I cannot take credit for the Sloppy Yousefs witty title, my friend MAR suggested it- many thanks to him.
My Nani Ami used to make a humble ‘meat and potatoes’ dish- fragranced with notes of spicy ginger and black cardamom, it was cooked slowly, over a low flame. It wasn’t like that posh ‘meat and potatoes’ dish you have at Sassafraz– that perfectly scarlet-from-the-inside beef tenderloin you eat alongside a rectangular tower of a crispy, butter-slicked potato galette. The dish in which you glide your knife through the galette, sweep it through that glob of Dijon mustard and then impale a slice of beef on your fork, before washing it all down with a deep, earthy Malbec.
No, this dish, aloo keema, was better than any medium-rare steak served alongside a potato galette. It was a humble preparation of mince meat with soft, butter-like potatoes served in my grandmother’s home during lunch time, eaten with feather-light chapatis prepared by my Nani Ami’s ‘sous chef’, Irfan. Irfan would prepare each chapati with his bare hands over a gas flame, till it swelled up like an inflated balloon, and then transfer each one onto a linen-lined serving plate. When you tore into it, the steam would escape, burning your fingers.
I loved scooping up aloo keema with a chapati and dipping it into the cool yoghurt Nani Ami prepared every night- tart, creamy and thick. As we ate, Nani Ami would pass around a plate of finger-thin cucumbers and moolis; Pakistani radishes, dusted with crunchy salt flakes to cleanse the palate between each bite. When she wasnt looking, my little hands stealthily reached for that verboten jar of lime pickle, but in vain. I had to settle for the minimally spiced cucumber and mooli.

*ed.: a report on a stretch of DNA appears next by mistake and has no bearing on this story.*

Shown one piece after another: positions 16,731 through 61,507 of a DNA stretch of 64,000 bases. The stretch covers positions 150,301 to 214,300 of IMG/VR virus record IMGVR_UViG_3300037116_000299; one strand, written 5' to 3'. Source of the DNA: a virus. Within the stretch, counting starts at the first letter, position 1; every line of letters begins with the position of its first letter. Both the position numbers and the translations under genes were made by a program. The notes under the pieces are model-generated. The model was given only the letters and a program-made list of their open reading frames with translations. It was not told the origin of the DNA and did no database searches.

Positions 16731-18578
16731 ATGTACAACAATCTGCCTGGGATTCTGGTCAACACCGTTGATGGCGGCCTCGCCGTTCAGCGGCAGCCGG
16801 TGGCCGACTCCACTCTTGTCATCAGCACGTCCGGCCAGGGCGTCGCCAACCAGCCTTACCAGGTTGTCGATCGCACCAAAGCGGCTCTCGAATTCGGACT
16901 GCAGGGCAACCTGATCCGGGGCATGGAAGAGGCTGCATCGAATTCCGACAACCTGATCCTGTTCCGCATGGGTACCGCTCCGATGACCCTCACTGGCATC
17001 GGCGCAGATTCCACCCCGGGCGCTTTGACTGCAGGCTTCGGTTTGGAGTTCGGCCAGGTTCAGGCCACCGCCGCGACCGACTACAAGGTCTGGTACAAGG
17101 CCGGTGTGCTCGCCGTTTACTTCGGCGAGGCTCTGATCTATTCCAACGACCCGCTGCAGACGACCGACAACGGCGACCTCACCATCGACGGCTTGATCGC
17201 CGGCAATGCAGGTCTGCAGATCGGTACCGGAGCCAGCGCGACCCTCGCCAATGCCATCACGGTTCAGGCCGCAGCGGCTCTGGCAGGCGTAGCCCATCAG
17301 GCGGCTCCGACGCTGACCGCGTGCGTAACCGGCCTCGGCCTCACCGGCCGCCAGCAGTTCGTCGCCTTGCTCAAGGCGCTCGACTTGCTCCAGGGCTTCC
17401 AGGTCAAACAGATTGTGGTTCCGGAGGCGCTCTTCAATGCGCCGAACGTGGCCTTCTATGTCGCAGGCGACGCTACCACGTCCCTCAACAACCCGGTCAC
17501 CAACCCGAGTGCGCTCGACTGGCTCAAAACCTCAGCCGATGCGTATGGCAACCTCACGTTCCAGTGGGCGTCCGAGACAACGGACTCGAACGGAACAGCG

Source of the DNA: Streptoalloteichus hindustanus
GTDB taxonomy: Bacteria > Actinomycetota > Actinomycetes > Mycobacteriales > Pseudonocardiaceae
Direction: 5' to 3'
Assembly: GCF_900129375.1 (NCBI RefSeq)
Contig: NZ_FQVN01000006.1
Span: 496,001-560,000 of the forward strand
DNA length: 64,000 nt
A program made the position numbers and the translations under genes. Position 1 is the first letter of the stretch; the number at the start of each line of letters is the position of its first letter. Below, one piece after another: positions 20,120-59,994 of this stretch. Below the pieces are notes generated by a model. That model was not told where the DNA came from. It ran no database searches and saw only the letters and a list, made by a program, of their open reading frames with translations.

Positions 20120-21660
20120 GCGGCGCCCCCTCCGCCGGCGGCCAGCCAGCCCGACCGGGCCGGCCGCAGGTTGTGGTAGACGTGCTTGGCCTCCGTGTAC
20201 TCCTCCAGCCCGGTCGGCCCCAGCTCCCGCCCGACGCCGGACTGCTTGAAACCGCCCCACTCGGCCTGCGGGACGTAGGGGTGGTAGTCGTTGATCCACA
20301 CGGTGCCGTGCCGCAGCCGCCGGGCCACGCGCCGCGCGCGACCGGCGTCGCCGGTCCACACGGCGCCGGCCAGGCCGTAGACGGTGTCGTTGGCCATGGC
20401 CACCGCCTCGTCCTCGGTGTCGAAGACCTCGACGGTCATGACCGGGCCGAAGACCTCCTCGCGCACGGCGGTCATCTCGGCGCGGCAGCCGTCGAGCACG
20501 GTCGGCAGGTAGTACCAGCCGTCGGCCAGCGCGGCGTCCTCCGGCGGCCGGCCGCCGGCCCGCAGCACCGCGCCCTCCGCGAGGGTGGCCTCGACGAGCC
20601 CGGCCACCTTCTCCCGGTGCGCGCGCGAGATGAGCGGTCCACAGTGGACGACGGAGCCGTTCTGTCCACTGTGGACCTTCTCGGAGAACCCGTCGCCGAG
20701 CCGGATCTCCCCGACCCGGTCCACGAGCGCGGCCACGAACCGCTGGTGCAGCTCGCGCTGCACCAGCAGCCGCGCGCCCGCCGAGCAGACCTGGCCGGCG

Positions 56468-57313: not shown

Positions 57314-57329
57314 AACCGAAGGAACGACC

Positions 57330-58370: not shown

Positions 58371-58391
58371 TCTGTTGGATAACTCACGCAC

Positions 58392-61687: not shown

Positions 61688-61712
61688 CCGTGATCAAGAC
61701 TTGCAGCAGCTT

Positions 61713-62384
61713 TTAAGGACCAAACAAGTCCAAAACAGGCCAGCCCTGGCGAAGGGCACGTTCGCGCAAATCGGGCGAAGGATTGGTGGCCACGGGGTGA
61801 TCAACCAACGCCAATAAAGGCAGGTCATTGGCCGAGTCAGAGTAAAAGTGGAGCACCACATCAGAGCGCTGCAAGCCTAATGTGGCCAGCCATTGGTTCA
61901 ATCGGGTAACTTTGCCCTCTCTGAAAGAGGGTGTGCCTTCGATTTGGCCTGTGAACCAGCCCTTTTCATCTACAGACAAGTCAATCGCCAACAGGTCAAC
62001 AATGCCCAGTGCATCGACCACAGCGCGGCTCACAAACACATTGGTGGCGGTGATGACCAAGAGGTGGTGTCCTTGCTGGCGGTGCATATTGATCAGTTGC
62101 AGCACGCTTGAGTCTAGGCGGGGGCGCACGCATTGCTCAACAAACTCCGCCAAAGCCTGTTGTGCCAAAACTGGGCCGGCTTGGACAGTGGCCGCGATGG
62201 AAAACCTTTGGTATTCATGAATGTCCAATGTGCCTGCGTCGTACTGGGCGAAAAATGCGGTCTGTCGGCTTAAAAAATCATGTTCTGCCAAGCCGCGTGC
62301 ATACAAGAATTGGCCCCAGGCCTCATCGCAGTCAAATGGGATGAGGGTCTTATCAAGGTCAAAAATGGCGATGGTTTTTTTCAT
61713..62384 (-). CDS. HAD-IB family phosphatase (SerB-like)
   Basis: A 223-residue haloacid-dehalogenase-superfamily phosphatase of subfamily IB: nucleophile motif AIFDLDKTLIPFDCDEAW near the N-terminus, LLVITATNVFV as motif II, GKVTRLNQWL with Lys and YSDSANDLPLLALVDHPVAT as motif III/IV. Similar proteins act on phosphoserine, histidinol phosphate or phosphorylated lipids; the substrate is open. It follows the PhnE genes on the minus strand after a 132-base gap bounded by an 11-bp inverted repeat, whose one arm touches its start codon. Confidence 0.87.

In the end, platters of fruit with individual butter knives would be brought to table, laden with sindhri mango, chausa mango, the Anwar Ratole mango, and my favourite, the parrot green langra– egg-yolk yellow from the inside. With the ceiling fan lazily slicing through the air above us, it was a typical summer meal at my grandparents’ home before the bamboo shutters came down and we all had a siesta, sheltered in our home from the scorching 40C Lahore heat.
The next morning, the aloo keema was perfect for sandwiching between a bun, slathered with a spicy garlic-chili sauce- an Aloo Keema Bun, just like an American Sloppy Joe.
Aloo keema is neatly encased in these little sliders- spicy meat, carbs and more carbs- a delicious bite to have with that bottle of Chimay.
Makes 12 Sloppy Joe sliders or serves 4 with basmati or bread
*500g (approx 1 lb) mince beef (I would recommend you buy medium-lean and not 99% lean)
*1cm (approx ½ in) thick piece of ginger, minced
*2 cloves garlic
*½ a medium-large onion, roughly chopped
*250ml (approx 8oz) can tomato sauce/stewed or crushed tomatoes
*salt to taste
*½ tsp chili pepper (or more, to taste)
*¼ tsp turmeric
*1 black cardamom pod
*2 medium potatoes (preferably the red variety) diced into 1cm (approx ½ in)
*500ml water, divided into two portions (approx 2 cups)
*Finely chopped fresh cilantro (leaves and stems) or herb of your choice for garnishing
*12 slider buns, split and warmed in the oven
*In a heavy-bottomed pot, add meat, ginger, garlic, onion, tomato sauce, salt, chili pepper, turmeric, black cardamom pod and 250ml (1 cup) water. Stir, cover and leave to cook on a low-medium flame for one hour. *Stir/check every 20 minutes to make sure the meat is not sticking to the bottom of the pot.
*After an hour you will note that the liquid would have reduced significantly and the oil has floated to the top of the meat. Skim this oil off with a spoon.
*Turn the heat to medium-high / high. Stir the meat rigorously for 10 minutes (in Urdu, this procedure is called ‘bhun-na’) till the liquid has completely evaporated and the meat turns darker. The onions and garlic cloves will be completely soft and incorporated into the mince meat by this point. Be careful not to let the mince meat stick to the bottom of the pan, if it does, lower the heat.
*After ten minutes of stirring, add 250ml (approx 1 cup) of water and potatoes and reduce heat to medium.
*Cover and allow potatoes to cook for 15-20 minutes. Check potatoes for doneness after 10 minutes by inserting a knife. When potatoes are done, remove lid, turn heat to medium-high and allow liquid to evaporate.
*Mix in fresh chopped coriander or desired herb.
*Spoon approximately 2tbsp of mince meat onto bun, add your favourite condiment and eat immediately.
*Alternatively, enjoy with basmati rice, chapati, naan or even a baguette when that’s all you have in the house.